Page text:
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Jesus and Wealth – Part Two


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Jesus in Galilee 

What was the economic situation in Galilee when Jesus was alive? Given the importance of the question, one might think that the answer would be clear, but it is not. Some scholars believe that times were relatively good. Herod’s massive building projects in the cities of Sepphoris and Tiberius uplifted the economy, benefitting many. The demand for fish and fish products was high throughout the empire, and the fishing industry was enjoying good profits. 

But the evidence can also be interpreted to the contrary. Fancy buildings required money, and so the taxes were increased, to the point where farmers were driven to subsistence, forced to borrow from the wealthy, one bad crop away from indebtedness beyond their ability to pay, thereby losing their land to the city elite, who continually added to their estate and their wealth. As for fishing, the boats themselves were big and costly, required an expensive permit issued by the authorities, and the whole enterprise was dependent on a network of other industries- those who made sails, anchors, nets, and merchants who bought and sold. All of that points to a centralization of power and wealth capable of the finance and coordination required for success, a capability beyond the grasp of the individual fisher. The conclusion, for these scholars, is that in Galilee power and wealth were concentrated in the pockets of the few, the vast majority of the population trapped in poverty. 

So who is right? Did Jesus live and move in a society that was doing alright economically, or one mired in poverty? Or does the question not really matter? The fact is that, however few or many, there are always those who do not benefit from the bounty, those whom we label as “poor”. The causes of poverty are many, not least of which is exclusion and oppression by the rich and powerful, which, given the social institutions of the Roman Empire, seems a likely cause. My assumption, therefore, is that poverty was prevalent in Galilee during the time of Jesus, with the understanding that should poverty not have been the fate of everyone, it was definitely the fate of a substantial portion of the populace. Furthermore, whether or not any economic benefit “trickled down”, the hard truth is that the Galilee that Jesus roamed was controlled by the rich and powerful and nothing was hidden. The patronage and patriarchal systems of oppression were simply the way it was for everybody. You couldn’t question it because it was the Roman way, sedition being immediately punishable by death, often crucifixion. Although not all the rich were greedy, a sufficient number were, and they managed to have Jesus crucified.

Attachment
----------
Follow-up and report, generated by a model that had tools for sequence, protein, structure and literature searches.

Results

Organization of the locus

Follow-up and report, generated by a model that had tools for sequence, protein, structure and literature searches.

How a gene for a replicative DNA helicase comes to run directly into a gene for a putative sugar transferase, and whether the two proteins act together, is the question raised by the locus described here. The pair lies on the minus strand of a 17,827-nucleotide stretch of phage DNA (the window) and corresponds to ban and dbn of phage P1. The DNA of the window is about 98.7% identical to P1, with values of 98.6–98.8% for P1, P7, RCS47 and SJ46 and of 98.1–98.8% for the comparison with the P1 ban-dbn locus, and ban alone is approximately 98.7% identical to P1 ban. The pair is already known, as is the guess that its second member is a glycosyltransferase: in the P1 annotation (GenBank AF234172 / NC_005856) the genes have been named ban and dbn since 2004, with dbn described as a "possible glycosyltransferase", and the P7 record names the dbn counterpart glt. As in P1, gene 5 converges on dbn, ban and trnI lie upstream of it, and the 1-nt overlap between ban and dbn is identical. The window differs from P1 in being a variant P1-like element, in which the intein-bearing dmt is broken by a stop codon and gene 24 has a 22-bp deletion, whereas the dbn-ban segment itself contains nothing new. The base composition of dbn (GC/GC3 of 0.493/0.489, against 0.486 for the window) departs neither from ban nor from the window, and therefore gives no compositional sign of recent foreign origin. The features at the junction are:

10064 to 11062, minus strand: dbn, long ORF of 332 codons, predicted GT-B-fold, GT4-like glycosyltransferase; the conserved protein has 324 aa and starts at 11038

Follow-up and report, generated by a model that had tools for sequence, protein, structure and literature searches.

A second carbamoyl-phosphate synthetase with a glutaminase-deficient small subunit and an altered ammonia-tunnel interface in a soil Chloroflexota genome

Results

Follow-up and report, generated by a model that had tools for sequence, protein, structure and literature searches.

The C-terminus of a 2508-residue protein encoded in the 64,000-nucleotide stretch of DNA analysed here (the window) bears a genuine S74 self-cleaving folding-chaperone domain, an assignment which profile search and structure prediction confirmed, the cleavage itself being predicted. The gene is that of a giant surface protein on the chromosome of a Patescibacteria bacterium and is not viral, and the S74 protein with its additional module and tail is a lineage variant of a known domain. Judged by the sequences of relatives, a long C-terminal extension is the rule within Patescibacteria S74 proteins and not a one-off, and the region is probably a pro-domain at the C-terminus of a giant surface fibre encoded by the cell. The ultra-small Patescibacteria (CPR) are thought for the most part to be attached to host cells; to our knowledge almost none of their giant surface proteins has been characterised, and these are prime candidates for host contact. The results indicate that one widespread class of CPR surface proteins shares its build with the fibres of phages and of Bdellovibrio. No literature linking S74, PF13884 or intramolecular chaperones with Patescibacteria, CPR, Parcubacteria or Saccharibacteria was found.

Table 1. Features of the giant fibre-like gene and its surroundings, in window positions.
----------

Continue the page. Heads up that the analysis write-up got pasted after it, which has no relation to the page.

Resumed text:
And where does Jesus fall on the scale of poverty? Few of us are accustomed to the idea that Jesus grew up in poverty. We think of him as a carpenter’s son, lower middle class perhaps, but middle class just the same. But does it matter? Whether poor or middle class, Jesus was well aware of the status and plight of the poor, and he took up their cause.